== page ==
Yarnporium 2018

I have been running straight out the last few weeks, but I still managed to take a day out for YARN!  I went to Yarnporium in London on Saturday.  Some time ago, I had bought a VIP ticket for the day, which let me attend three panel discussions and the marketplace.  I took the train into London very early so I could avoid the crowds and shop in the marketplace early.

I think that I shopped with remarkable restraint.  This is my haul:


The two skeins of pretty red yarn I purchased in the Indie Market – it is a  Masham/Bluefaced Leicester blend, naturally dyed in Berlin/Brandenburg by Tulliver in the shade Scarlet.  It is destined to become a hat: I am planning on knitting Hyggelig.  They had a sample of this hat knit up in the yarn and it was so cuddly and warm I couldn’t resist.  Plus, it really is the perfect shade of red.

Issue 6 of Laine and Kate Davies’ Handywoman were on my list, but Kate Atherley’s book magically found its way into my “buy” pile after I heard her speak in one of the panel talks.  I must report, however, that one of the things she said has stuck with me: you should never, ever release a pattern that hasn’t been tech-edited.  This made me cringe a bit at my three very definitely not tech-edited patterns available here on the blog.  At some point, I will try to get that remedied.  In the meantime, I suppose they will remain “wonky freebies” (bonus points for anyone avidly following the knitting world’s current hot topic).

I love the black-on-black Yarnivore T-shirt; and who couldn’t use a nice black tee?  The project bag is shaped just right for stashing in your suitcase.  (There may, or may not, have been a number of small knitterly accessories which fell into my bag and which will magically appear in my Christmas stocking.)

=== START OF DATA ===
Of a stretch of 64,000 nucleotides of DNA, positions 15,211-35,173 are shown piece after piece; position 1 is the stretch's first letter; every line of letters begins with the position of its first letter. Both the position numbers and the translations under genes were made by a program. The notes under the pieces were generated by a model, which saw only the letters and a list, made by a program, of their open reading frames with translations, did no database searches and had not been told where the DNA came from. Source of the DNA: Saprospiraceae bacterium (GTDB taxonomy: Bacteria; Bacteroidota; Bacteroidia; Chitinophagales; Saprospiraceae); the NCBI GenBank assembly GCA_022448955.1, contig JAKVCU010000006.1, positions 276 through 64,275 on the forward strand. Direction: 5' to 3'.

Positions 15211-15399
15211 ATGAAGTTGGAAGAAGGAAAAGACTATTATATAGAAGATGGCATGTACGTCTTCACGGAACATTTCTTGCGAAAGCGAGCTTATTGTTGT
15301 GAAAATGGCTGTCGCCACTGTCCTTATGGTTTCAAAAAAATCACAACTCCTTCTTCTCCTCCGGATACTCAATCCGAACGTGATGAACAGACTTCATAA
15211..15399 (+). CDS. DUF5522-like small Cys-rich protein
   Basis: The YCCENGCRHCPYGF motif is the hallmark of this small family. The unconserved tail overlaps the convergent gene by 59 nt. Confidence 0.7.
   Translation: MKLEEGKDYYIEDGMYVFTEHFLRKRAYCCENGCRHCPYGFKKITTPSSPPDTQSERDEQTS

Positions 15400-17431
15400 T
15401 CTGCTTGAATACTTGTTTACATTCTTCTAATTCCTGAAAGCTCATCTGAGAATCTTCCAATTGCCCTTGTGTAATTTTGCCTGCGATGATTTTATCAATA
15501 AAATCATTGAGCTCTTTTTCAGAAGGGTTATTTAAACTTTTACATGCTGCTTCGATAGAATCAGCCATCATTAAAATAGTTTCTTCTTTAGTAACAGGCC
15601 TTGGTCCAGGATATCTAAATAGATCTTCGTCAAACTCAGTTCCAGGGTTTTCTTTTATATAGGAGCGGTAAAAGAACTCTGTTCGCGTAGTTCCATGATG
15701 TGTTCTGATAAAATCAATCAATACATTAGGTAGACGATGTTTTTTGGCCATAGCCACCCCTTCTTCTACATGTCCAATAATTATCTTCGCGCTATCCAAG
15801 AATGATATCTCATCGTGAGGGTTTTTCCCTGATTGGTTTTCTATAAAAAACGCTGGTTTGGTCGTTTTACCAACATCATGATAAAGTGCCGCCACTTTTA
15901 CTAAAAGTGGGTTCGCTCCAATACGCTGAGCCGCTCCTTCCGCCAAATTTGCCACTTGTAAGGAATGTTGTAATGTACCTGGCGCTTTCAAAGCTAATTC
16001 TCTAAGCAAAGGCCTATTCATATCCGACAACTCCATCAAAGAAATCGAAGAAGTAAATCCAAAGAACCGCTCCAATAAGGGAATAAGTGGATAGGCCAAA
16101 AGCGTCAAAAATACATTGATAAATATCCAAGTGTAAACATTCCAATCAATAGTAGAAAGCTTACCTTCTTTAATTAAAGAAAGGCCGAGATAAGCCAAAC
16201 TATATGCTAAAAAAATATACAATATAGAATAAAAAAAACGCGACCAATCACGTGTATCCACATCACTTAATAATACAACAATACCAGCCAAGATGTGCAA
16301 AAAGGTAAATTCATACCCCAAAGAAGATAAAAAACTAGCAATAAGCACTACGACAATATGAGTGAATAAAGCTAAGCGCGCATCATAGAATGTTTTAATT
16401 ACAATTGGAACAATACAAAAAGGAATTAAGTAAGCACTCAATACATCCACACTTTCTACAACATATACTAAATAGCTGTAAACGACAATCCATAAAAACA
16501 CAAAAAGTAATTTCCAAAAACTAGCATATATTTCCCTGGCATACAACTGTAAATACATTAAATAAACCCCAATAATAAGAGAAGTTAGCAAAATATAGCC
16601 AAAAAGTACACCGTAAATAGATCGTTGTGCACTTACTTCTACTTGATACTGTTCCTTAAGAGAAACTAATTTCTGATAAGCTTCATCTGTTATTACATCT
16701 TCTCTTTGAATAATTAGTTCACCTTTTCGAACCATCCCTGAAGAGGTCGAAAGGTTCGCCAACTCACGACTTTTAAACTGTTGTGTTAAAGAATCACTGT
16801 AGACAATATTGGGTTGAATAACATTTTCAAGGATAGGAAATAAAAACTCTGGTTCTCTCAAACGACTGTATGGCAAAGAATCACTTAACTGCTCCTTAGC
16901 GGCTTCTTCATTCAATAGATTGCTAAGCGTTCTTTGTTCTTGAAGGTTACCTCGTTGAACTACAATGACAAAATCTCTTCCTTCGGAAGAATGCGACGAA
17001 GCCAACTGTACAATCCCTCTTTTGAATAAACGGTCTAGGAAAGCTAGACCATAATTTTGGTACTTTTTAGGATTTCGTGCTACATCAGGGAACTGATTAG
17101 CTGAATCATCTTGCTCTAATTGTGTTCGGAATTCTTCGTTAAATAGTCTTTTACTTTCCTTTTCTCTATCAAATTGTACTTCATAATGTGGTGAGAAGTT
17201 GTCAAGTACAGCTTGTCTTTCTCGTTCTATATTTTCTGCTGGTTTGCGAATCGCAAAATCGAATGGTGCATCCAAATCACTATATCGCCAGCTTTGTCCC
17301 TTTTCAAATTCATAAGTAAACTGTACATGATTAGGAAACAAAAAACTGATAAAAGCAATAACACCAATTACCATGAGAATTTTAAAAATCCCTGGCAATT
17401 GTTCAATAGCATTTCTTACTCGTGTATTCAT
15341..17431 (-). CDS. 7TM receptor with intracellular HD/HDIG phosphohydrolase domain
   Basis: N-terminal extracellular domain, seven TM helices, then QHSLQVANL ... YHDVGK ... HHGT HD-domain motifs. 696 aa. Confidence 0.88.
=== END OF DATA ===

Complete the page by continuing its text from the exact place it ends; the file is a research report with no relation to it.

I felt very proud of myself for resisting the lure of all of that lovely yarn in one place, but I am starting to regret not buying some Walcot Yarns Opus – a new yarn developed and marketed by A Yarn Story, an LYS in Bath.  This yarn was absolutely luscious; it is one that needs to be felt to appreciate.  Since it was a new product, I was unsure about whether or not it would pill: I have been steadily moving away from soft yarns towards more “sheepy” hard-wearing yarns.  Nonetheless, I can’t get this yarn out of my head.

They had it knit up into a lovely shawl, the Vila Wrap, and I went back to their stand three or four times to consider it:


© Helen Stewart

I am thinking that I will likely give in and order it by post.

Two things that were reinforced for me at this event: (1) I hate “speckles”, and (2) “speckles” are everywhere. I’ve never seen so much speckled yarn in one place.  Even when the base is lovely and the colours are gorgeous, this yarn holds no appeal for me.  In one of the panel discussions (about small yarn producers) the panellists were asked: “We’ve had speckles, we’ve had breed-specific yarn, what do you think will be the next trend?”  The first response (from Kelbourne Woolens) was: back-to-basics.  I definitely feel myself headed in that direction.

I ended the day by meeting up with three knitters who I know from Ravelry but had never met before: Anne, Jane, and Maylin.  We went out for coffee and it was lovely to meet them, and also to have some knitters to talk yarn with.  I’ve been reading Maylin’s blog, Julia Hedge’s Laces, for some time now, and it is funny how well you feel you know someone from reading their blog.

It felt very indulgent to spend the day surrounded by knitting folk!  I hope you’ve had a bit of indulgence too this week.